SN TIPS | Nº 6.

My most recent article posted for CocoKouture Magazine.

Image: Lee Clower for The New York Times

When Amanda Hearst, Associate Market Editor of Marie Claire, flew back to New York from the European fashion weeks, she implied the heavy physical and mental tolls put on travelers. In a last month's article from the Sunday NY Times’ “What I Wore” segment, Hearst claims “I was still kind of groggy from [traveling to] Europe for the shows," continuing that she only wanted to bother with flats (NYT; March 11, 2011). A New Yorker without heels? But we'll save the fashion for another article and speak beauty. When traveling via aircraft—and this is especially true for long travels—it is important to note how to keep yourself and those around you from suffering what Hearst suffered. While your travel experience may not be as luxurious or as easy as you might hope, you can at the least stay refreshed and looking neat.
Firstly, unless you want to fuss with a giant Ziploc bag, you will want a travel kit that is slim with a healthy number of inner pockets, preferably of different sizes for more efficient separating. Any makeup haven, such as Sephora, will cater to this class of beauty product organizing. Their “Core Bag Collection” in black, for example, offers an array of basic travel-purposed baggies. Keep in mind that we are speaking strictly carry-on essentials, so remember that TSA restrictions limit the liquid you bring on board to be 3fl. oz or less per bottle. If you’re not sure what constitutes a liquid (i.e. moisturizer or toothpaste) read the measurement; ounces don't count as liquid.
It would be a great help to stroll the travel sect of the local corner store for those handy-sized sundries. Tiny mouthwashes, sanitizers, shampoos, and body washes already come in tiny containers. But if you’re a pinching your pennies for your vacation, snag a few generic mini plastic bottles and pour in whatever you use at home. They usually measure to a perfect 3 fl. oz. for travel purposes, so you can portion your liquids accordingly. Because of the restriction, you’ll want to prioritize your liquid needs. Think ahead of time what convenient stores will be near you at your final destination in case it is better to snag your shampoo there, unless you plan to wash your locks in the airport restroom, air-dried via hand dryer. As if.

Understandably, certain needs cannot wait to be attended when you arrive at your destination. For example, if you wear contact lenses (and plan to wear them on the plane) you will want to squirt your solution into the little pockets of your contact cases pre-flight. Whether or not you wear contacts, eye drops are good for keeping your eyes fresh and healthy (Systane lubricants for a quick refresher). Even if you don’t wear contacts, long flights and high altitudes can lead to red eyes, which are never pretty. If you’re looking to cure reds, use a de-redder such as Visine drops.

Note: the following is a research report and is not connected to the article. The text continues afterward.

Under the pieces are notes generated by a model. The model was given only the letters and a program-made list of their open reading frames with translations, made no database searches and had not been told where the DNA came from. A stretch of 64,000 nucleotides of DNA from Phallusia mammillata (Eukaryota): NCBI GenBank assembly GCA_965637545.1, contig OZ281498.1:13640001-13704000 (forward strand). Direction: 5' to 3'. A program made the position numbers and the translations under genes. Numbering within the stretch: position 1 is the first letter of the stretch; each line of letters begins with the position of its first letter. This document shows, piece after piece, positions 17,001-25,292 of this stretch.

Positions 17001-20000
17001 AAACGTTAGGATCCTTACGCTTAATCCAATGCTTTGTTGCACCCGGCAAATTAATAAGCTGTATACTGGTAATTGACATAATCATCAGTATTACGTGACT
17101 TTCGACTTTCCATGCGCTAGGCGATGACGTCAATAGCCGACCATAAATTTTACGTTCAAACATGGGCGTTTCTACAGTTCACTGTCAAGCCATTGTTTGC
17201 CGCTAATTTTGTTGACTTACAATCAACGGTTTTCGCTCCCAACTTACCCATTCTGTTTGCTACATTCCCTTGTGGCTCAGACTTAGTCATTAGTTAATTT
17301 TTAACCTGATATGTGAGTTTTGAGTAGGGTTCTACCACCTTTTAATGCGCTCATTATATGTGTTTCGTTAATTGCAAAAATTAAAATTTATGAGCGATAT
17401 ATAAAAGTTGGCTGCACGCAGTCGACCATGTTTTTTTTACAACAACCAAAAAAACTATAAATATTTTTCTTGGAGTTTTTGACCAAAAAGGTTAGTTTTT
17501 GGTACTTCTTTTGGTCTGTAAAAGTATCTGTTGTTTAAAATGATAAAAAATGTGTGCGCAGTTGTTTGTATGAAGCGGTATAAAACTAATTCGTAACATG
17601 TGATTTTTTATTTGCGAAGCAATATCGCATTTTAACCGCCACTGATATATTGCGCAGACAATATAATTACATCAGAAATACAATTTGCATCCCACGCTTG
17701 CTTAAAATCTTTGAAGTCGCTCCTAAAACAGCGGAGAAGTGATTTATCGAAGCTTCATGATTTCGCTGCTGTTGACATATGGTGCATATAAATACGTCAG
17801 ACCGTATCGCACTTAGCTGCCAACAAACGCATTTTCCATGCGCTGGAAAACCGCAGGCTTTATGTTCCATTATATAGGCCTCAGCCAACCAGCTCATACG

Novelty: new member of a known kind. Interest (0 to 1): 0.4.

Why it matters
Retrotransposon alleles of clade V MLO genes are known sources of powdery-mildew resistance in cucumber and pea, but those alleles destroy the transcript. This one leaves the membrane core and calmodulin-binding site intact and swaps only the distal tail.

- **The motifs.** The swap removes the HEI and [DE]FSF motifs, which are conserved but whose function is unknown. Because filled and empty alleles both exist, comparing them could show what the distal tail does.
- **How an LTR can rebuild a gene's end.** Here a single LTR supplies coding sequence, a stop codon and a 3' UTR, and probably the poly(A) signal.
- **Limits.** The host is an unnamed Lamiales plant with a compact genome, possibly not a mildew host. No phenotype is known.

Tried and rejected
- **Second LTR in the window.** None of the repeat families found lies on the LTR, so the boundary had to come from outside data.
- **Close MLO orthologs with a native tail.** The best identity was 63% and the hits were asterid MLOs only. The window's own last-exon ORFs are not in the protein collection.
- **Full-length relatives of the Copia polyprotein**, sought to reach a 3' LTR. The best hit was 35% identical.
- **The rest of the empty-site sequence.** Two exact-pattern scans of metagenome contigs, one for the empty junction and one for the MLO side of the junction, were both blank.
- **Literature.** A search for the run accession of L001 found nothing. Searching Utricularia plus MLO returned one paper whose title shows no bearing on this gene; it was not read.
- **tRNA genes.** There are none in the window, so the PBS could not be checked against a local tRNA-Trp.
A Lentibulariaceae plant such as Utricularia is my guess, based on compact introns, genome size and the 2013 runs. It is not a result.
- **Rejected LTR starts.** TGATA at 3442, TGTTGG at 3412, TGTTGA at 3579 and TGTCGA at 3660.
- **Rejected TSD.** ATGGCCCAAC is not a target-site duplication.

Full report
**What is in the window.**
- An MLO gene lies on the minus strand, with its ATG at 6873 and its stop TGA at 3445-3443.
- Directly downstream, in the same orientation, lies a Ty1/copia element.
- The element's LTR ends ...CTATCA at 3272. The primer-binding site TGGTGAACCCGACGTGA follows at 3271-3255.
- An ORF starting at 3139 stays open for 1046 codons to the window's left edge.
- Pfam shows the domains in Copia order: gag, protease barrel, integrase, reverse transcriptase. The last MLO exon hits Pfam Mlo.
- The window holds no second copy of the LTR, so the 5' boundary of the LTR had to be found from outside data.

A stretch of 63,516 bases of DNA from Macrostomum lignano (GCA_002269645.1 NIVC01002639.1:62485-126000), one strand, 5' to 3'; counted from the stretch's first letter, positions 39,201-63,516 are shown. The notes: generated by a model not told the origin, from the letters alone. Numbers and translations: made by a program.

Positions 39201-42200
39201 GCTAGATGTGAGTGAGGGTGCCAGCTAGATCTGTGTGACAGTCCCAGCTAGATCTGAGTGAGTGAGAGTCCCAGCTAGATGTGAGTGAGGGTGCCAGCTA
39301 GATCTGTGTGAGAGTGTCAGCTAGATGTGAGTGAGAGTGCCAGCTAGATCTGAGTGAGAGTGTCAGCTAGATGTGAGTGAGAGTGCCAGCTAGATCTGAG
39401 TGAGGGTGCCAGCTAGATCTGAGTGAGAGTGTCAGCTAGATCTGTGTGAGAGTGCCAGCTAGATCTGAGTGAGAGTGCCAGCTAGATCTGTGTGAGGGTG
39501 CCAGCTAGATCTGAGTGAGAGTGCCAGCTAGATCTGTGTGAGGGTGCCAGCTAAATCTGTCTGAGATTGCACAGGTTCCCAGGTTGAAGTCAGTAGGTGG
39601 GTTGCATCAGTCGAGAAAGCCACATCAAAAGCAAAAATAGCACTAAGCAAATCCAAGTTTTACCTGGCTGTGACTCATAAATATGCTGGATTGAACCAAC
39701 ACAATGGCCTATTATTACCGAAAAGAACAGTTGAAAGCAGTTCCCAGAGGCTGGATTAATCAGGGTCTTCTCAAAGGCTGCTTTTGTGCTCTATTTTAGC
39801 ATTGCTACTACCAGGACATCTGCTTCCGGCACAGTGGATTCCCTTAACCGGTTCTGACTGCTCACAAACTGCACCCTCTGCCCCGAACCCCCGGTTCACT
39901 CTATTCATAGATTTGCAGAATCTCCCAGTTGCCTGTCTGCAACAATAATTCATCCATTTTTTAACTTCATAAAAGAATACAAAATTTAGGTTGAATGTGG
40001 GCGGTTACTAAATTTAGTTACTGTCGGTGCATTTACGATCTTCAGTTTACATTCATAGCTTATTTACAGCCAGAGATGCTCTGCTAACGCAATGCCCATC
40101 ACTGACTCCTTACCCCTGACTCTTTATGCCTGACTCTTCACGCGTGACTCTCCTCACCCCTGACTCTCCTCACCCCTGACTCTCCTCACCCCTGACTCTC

You don’t want to overload your carry-on weight, but at the same time, you need to account for unexpected occurrences. Some non-liquid extras to keep in mind: A couple Band-Aids and a pair of tweezers (which are allowed on flights) are required first-aid items; travel packets of tissues are there for a runny nose; cotton swabs and skin-sensitive wipe sheets (such as Neutrogena’s Makeup Remover Cleansing Towelettes), are saviors for mending smudged liner and other cleanups.

While you won’t be taking showers in airport bathrooms or aboard long flights, the key is to feel refreshed for sanity’s sake. The aforementioned wipe sheets have the face wash and toner-like feeling in one thorough wipe, which refreshes the forehead and neck. If you’re waiting at the gate with even fifteen minutes until your flight boards, you can sneak off to the bathroom with your carry-on and freshen up. Tie your hair up out of your face; floss, brush, and use mouthwash. Wipe off your face and neck with the pre-moistened sheets, reapply your deodorant (in a stall for privacy), and touch up any makeup that needs attention, such as concealer for your tired eyes and lip balm for chapped lips. Tame your hair down with some hand lotion so that you're not so bed-headed, even if you did just get out of bed to rush to the airport.
And if you really did just get out of bed to rush to the airport, wait for takeoff and the seat belt sign to blink off before slinking off to the restroom to do the same. Don’t forget to wash your hands when you’re all done; a lot of people means a lot of germs. A lot of people also means you’ll want to look refreshed and neat, not “kind of groggy” – even if that’s secretly how you feel.

3 Comments so far

  1. Great tips, again ♥

  2. That was my absolute favorite blog comment I've ever had the pleasure of! Thank you!
    I have been looking for an article so empathetic of the the toll travel takes on ones "woohoo" and what to do about it for YEARS! Found it! Thank you again! This blog's going in my daily/hourly reads!
    Zoey @ makeshiftmodel

  3. haha, try sleeping at an airport overnight. it'll make you seriously reconsider whole whole bathing in the restroom thing.


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